The Wicked + The Divine #1
Review Spoilers: Low
If anyone knows me, they know that I love music and comics in fairly equal measure. If they really know me, they know that one of my very favorite comics is Phonogram by Kieron Gillen and Jamie McKelvie. The series is about people who have control over magic through music, but it’s really more about how people relate to music and how it affects their lives. Gillen himself says it doesn’t have a plot, but the human aspect of it is why I’ll always reblog anything about being affected emotionally by his works.
Earlier this year, Gillen and McKelvie announced at Image Expo that they were going to have a new ongoing series called The Wicked + The Divine. At first, I was kind of upset about it because I had been waiting diligently on Phonogram: The Immaterial Girl for nearly two years. The more I read about the series though, the more intrigued I became.
The Wicked + The Divine is, in Gillen’s description, a twin to Phonogram. Where Phonogram is a magically realistic book about how we relate to artistic creations, The Wicked + The Divine is an urban fantasy about being an artist. Well, probably in the long run. The first issue is focused on the consumer, but that’s to ease us in.
In the world of The Wicked + The Divine, there is an event called The Recurrence. Every ninety years, gods come down to Earth and take over the bodies of teenagers. They live for two years, performing miracles with the snap of their fingers and bringing people to worship them. After that time, they die, taking the teenager’s body with them. In the most current Recurrence, some of the gods have become pop stars. This is where we come to meet Laura, a devotee of these gods.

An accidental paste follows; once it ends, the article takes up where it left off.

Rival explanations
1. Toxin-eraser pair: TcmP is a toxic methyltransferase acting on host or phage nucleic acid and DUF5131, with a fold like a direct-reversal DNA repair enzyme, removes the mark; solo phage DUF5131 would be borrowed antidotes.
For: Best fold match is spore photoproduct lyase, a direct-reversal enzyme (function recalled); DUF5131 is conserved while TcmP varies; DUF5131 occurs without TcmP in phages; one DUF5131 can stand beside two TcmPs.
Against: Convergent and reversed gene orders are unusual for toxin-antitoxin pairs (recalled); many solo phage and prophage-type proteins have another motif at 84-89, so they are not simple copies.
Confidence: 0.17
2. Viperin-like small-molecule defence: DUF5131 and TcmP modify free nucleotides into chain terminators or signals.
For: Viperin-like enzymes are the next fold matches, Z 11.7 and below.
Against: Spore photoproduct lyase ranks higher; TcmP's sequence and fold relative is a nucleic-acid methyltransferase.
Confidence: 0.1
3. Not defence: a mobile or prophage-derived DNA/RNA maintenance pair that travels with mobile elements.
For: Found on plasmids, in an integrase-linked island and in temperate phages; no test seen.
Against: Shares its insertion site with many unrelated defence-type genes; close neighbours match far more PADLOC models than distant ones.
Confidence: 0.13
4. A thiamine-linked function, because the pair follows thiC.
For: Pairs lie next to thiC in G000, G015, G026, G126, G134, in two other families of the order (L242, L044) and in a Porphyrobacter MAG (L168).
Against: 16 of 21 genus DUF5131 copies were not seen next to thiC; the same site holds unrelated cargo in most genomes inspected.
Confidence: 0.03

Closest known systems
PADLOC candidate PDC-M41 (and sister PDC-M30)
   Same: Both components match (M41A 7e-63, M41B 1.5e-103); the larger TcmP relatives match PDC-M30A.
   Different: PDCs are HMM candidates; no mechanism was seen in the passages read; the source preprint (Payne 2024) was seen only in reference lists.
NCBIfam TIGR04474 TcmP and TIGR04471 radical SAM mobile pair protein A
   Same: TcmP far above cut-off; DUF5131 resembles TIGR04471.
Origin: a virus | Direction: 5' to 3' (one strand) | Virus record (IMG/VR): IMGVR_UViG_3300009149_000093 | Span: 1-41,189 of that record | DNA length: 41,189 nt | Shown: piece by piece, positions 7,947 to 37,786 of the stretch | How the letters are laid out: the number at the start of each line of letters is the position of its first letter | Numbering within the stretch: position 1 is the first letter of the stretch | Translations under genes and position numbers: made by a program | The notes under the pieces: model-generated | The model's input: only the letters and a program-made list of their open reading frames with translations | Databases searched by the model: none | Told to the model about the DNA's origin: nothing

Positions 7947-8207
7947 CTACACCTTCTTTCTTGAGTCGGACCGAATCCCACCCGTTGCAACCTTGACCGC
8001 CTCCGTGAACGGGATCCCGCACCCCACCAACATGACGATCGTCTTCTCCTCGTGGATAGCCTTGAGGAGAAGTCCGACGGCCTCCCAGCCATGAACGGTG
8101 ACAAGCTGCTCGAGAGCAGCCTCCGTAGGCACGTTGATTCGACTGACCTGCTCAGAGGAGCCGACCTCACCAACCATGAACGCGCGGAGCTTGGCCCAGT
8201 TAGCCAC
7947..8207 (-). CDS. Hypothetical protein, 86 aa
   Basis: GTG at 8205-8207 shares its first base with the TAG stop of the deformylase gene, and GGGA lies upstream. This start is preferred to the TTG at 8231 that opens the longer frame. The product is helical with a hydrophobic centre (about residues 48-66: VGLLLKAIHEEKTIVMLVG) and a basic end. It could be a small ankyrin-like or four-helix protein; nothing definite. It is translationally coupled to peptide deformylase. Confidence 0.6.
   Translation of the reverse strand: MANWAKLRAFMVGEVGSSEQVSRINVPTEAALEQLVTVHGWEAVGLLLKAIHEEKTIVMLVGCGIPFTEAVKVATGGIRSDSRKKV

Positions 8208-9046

Laura is sort of a great first character to meet for this situation. She’s a teenager who desperately wants to be in the world of these gods. She even says so during one of Amaterasu’s performances. “I want everything you have.” How appropriate it is that the first god she meets is Luci, the current embodiment of Satan. No deals with the Devil are made in this first issue, but seeing how Laura is in front of these gods, you can tell it’s going to come soon.
The first gods we me are pop stars and Jamie McKelvie does an excellent job designing them as such. Amaterasu has a total Florence Welch feel to her (and according to Matt Wilson’s coloring, has a way better stage presence) while Luci has a total androgynous mix of La Roux and David Bowie and Sakhmet is super duper Rhianna. In fact, Sakhmet ended up having my favorite moment of the first issue because it involves what happens when you introduce a literal cat goddess to laser pointers.
In true first issue fashion, I’m left wanting more by the end of it. Not just for the massive cliffhanger that it ended on, but for the rich world Gillen, McKelvie, and Wilson have created. I want to know more about the gods and the recurrence. I want to know more about Laura as she goes on this journey that could potentially put her life in danger. I want the clever writing and beautiful colors.
Simply put, I want everything they have.
Promising to be a rich and colorful comic that could be the next prized jewel in Image’s collection, the first issue of The Wicked + The Divine sets us up for a journey that will be long and thrilling. If you’re a fan of Phonogram, Young Avengers and/or pop music, I suggest hopping onto this train soon. (Also: be jealous. I have Bryan Lee O’Malley’s variant cover.)